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[Senate Doc. 512, vol. 245, page 933]

War Department, 
Office Indian Affairs, October 10, 1832

Gentlemen,

I have the honor to acknowledge the receipt of your several letters of the 22d of August and 7th of September, and to communicate the following answers to your various interrogatories.

A white man, who, before the date of the late treaty, had married a Creek woman, and had an Indian family, and resided in the Creek Nation, must under the construction of the treaty, be considered the head of an Indian family; and, as such, is entitled to a section or half section of land, guarantied by the treaty to heads of families of certain descriptions. His marriage with a Creek woman, and his residence in that nation, constitute him one of their tribe. He had become incorporated with the, was amenable to their laws, and eligible as one of their principal chiefs; and, if so elected, might, as such chief, have been entitled to a section of land.

The chiefs and warrior's, or their children, who resided in the nation, at the time of the late treaty, and who received reservations under the treaty at Fort Jackson, are entitled to reservations.

By the treaty of Fort Jackson, those chiefs and warriors, who, in the late unprovoked and inhuman war waged by the Creeks  against the United States, had remained friendly to this country, and taken an active part against their own countrymen, were entitled to certain reservations, which should inure to them and their descendants.

This benefit or reward was bestowed upon them for their services and fidelity to the United States; they and their descendants have continued to occupy the same. There has been no voluntary abandonment.  They ought not, by an act of their nation with United States, and which they could not prevent, to be dispossessed of these reservations. If they should, their fidelity to this country would place them in worse plight than those who took up arms against it. The good faith of this Government demands protection and indemnity for them, so far as the present state of things, and existing relations with their nation will allow. These reservations, thus secured to them as a reward for their services and fidelity to the United States, must be continued to them.

Those Creeks who removed to Arkansas, in 1826, 1827, and have since returned, are not entitled to reservations.

There was a fair and full agreement with them. There was an exchange of land with them, their improvements were liberally paid for, and the Government defrayed the expense of their removal; subsisted them for one year after their transportation, and paid them a bounty for going. The Government fulfilled all its obligations.  They went, and there they should have remained. They have no right by their return to subject the Government to an additional expense. If one had the right to return, and thereby to acquire equal rights with those who never removed, then had they all the same right to return, and the Government would in vain have paid them a bounty for going, and have incurred the expense of their removal and subsistence.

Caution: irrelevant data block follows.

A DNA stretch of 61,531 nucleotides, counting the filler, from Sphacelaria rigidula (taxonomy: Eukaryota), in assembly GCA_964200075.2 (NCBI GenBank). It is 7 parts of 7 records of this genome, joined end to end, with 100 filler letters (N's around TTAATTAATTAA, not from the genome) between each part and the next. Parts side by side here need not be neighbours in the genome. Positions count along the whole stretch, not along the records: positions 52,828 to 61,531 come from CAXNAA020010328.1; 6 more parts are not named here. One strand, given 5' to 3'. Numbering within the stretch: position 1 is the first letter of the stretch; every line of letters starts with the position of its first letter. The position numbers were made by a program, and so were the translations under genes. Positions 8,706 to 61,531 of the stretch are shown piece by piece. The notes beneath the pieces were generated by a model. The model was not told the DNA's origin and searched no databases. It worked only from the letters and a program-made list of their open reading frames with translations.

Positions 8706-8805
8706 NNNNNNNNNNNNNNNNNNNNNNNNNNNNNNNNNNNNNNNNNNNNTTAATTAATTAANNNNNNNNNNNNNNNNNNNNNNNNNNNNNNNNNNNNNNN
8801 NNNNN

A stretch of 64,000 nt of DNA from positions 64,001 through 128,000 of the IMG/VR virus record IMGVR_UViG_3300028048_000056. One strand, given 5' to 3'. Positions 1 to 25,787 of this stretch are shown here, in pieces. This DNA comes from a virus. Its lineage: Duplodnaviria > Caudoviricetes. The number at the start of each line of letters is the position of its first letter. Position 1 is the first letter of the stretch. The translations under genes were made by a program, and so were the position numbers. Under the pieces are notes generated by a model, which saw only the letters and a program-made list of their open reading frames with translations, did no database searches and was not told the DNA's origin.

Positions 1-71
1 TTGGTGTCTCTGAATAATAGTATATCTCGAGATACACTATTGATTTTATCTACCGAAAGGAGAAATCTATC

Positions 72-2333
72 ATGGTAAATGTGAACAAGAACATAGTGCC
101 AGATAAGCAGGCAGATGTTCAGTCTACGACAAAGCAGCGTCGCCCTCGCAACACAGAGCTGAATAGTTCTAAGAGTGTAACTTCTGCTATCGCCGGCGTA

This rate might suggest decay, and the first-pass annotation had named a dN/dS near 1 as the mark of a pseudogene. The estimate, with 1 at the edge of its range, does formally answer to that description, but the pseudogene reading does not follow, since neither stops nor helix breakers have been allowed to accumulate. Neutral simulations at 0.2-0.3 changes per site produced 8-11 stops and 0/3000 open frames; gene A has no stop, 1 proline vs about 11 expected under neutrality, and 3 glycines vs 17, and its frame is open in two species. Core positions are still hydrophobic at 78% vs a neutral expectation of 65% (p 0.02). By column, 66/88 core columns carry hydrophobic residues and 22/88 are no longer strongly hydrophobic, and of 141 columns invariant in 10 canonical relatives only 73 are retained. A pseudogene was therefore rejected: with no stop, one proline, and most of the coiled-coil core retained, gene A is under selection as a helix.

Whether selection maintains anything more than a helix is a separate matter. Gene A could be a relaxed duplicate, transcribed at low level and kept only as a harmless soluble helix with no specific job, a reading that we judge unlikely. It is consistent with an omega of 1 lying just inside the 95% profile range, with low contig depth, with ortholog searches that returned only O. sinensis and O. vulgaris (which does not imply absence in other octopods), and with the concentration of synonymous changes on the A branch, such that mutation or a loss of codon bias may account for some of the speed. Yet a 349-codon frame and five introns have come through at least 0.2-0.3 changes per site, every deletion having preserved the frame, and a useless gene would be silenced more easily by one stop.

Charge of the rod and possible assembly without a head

An Indian having several wives, living in different houses, and having inmates under their control, must be considered as the head of their several families, and entitled on their account to only one reservation.

The wife, thus living separately from her husband, and having her children, or other inmates living with her, is not the head of a family so as to entitle her to a reservation. The husband is the head of each family, though living separately, in the same manner as if all the families were congregated under one roof, and constituted one family. An Indian woman who has been married, and has her children, or others, residing with her in her house, cannot be considered the head of a family so as to entitle her to a reservation, unless she be a widow, or is duly separated from her husband, and entirely free from his control.

Indians who had no family at the time of the treaty, and have married since, are not entitled to reservations. In the construction of the treaty reference must be had to the state of things as they then actually were, and not as to what they might be at any time afterwards.  An Indian, whether of full or half blood, who has a female slave living with him as his wife, is the head of a family, and entitled to a reservation. 

An Indian, who has been forcibly expelled from his home, if he be the lawful head of his family, will, notwithstanding the violence done him, be entitled to a reservation; otherwise commissioners would sanction injustice, and permit a wrongdoer to take advantage of his own wrong.

With respect to Indian claims for spoliation, provided for in the treaty of Fort Jackson, and to which you have adverted, I have only to observe, that if just, it is obligatory on the Government to satisfy them. Its obligation extends no further than to discharge the demands. If the claimants choose to pay their agent an extravagant sum, they have the right; but so far as the power of the department can save them from extortion and imposition, it shall be exerted in their behalf.

In reply to the query submitted by Mr. Abbott, in his letter of the 29th ultimo, I have to observe, that although not required for any purpose under the treaty, it will be well for the commissioners to enter, in a ,separate column, the number of slaves in each family. 

I have, & c.,
Elbert Herring

Messrs.
E. Parsons,
B. S. Parsons,
John Crowell,
Commissioners, & c.